I took up golf again when I was 32. I had two goals – to play well enough to enjoy the game, and to break 100. I visited golf coach Craig Teiken. He isn’t a golf-pro at a fancy country club. He doesn’t have a bunch of cameras and computers to analyze my mechanics. Craig is my age – 37, but approaches instruction like the great golf coaches of the past. Craig is living his dream and it shows. This helped me think differently. He didn’t videotape my swing and give me a bunch technical reasons why I struggled. Craig believes in the traditions of the game and teaches it in a way that made me feel comfortable because he always emphasizes the positive.

He told me to take out an 8 iron and hit 50 balls off the grass. Sometimes I’d slam the club into the grass and dirt would splatter into my face and other times I’d completely miss the ball. Not a single shot felt good. Each shot was painful.

After he watched me hit those balls (if that’s what you want to call it) he brought me back to the clubhouse, handed me a 50-year-old book and asked me to read a story. It was about a professional golfer in the 1920s that had a lot of talent but couldn’t win the big tournament, so he visited Ernest Jones. Ernest Jones taught him one simple thought – swing the clubhead – and it changed his game forever.

The most amazing thing about the game, is the fact that the poorest players are the ones who try to do the most. – Ernest Jones

After reading Ernest Jones’ thoughts, we went back to the range. Craig said, “Now clear your mind and swing the clubhead.” I hit almost every shot 150 yards with a perfect arc. What changed? Only my thoughts! Craig stood behind me laughing as each shot popped into the air.

Today I find golf quite enjoyable. So enjoyable I can even play it sober. And last year I broke 100. Today I approach each shot the same way. I do ALL my thinking before I swing the club. I size my situation, the distance to the hole, any hazards or risks, decide the direction of the shot, and choose a club to use. Then with my club in hand, I stand behind the ball and visualize the exact result that I desire. But once I take my stance and grip the club I try to clear my mind of all thoughts… like I am meditating, and once my mind is empty of thought, I swing the clubhead. More often than not, I hit a decent shot. Using this technique, I was able to break 100, on a regulation 18 holes, with no mulligans carrying only a Putter, Wedge, 8 Iron, and a 5 wood.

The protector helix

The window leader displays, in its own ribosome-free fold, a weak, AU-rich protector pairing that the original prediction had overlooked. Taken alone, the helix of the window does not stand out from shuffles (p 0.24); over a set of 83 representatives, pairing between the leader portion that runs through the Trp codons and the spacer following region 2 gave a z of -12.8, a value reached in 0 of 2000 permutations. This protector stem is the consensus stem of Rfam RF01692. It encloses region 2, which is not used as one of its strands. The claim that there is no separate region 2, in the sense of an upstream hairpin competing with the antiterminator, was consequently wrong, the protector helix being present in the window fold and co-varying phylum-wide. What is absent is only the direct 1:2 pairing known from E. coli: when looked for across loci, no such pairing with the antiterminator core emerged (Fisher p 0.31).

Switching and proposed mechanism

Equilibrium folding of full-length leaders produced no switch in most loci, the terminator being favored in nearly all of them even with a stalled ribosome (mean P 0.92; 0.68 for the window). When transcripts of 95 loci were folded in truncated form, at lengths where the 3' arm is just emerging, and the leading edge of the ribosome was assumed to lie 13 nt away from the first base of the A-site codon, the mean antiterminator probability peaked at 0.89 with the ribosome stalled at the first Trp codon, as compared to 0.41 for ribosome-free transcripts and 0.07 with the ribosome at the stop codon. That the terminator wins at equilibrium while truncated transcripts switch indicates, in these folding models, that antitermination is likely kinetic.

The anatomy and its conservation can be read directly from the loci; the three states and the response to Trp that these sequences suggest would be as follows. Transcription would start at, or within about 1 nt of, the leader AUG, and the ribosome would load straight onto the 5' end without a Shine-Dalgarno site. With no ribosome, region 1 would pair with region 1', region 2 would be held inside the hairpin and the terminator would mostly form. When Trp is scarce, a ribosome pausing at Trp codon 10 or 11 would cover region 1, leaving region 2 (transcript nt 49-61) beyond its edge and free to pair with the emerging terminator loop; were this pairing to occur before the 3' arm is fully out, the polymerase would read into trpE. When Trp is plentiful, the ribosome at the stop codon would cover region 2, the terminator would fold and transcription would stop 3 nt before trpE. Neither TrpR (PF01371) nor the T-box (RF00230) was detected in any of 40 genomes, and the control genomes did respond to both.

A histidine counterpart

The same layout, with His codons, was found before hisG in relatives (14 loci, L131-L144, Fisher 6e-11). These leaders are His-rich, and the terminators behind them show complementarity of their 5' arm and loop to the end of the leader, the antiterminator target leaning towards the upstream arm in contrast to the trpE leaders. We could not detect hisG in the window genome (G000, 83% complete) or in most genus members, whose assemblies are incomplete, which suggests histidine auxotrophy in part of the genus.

A lot of us geeks aren’t born with athletic bodies so we struggle with sports. But a bigger problem is that many of us are constantly thinking about details. This focus on detail serves us well in academics and technology, but it doesn’t serve us well in athletic areas.

This story brought an old book that my boss recommended to mind, The Inner Game of Tennis and I found this review on Amazon.

This book has had a very positive impact on my life. I have suffered with concentration problems for all my life and was recently diagnosed with ADD. I was always told at school that i was intelligent but didnt “try hard enough” and thats why I was failing. But funnily enough trying hard seemed to make things worse for me. My difficulties have led me to being fired from several jobs due to lapses of attention. After reading this book I have been putting the ideas into practice through the medium of chess (I am an expert level player) and have noticed an improved abiltity to focus my mind. I hope now to move forward in life and repair my shatterd self esteem and gain confidence to take on new challenges.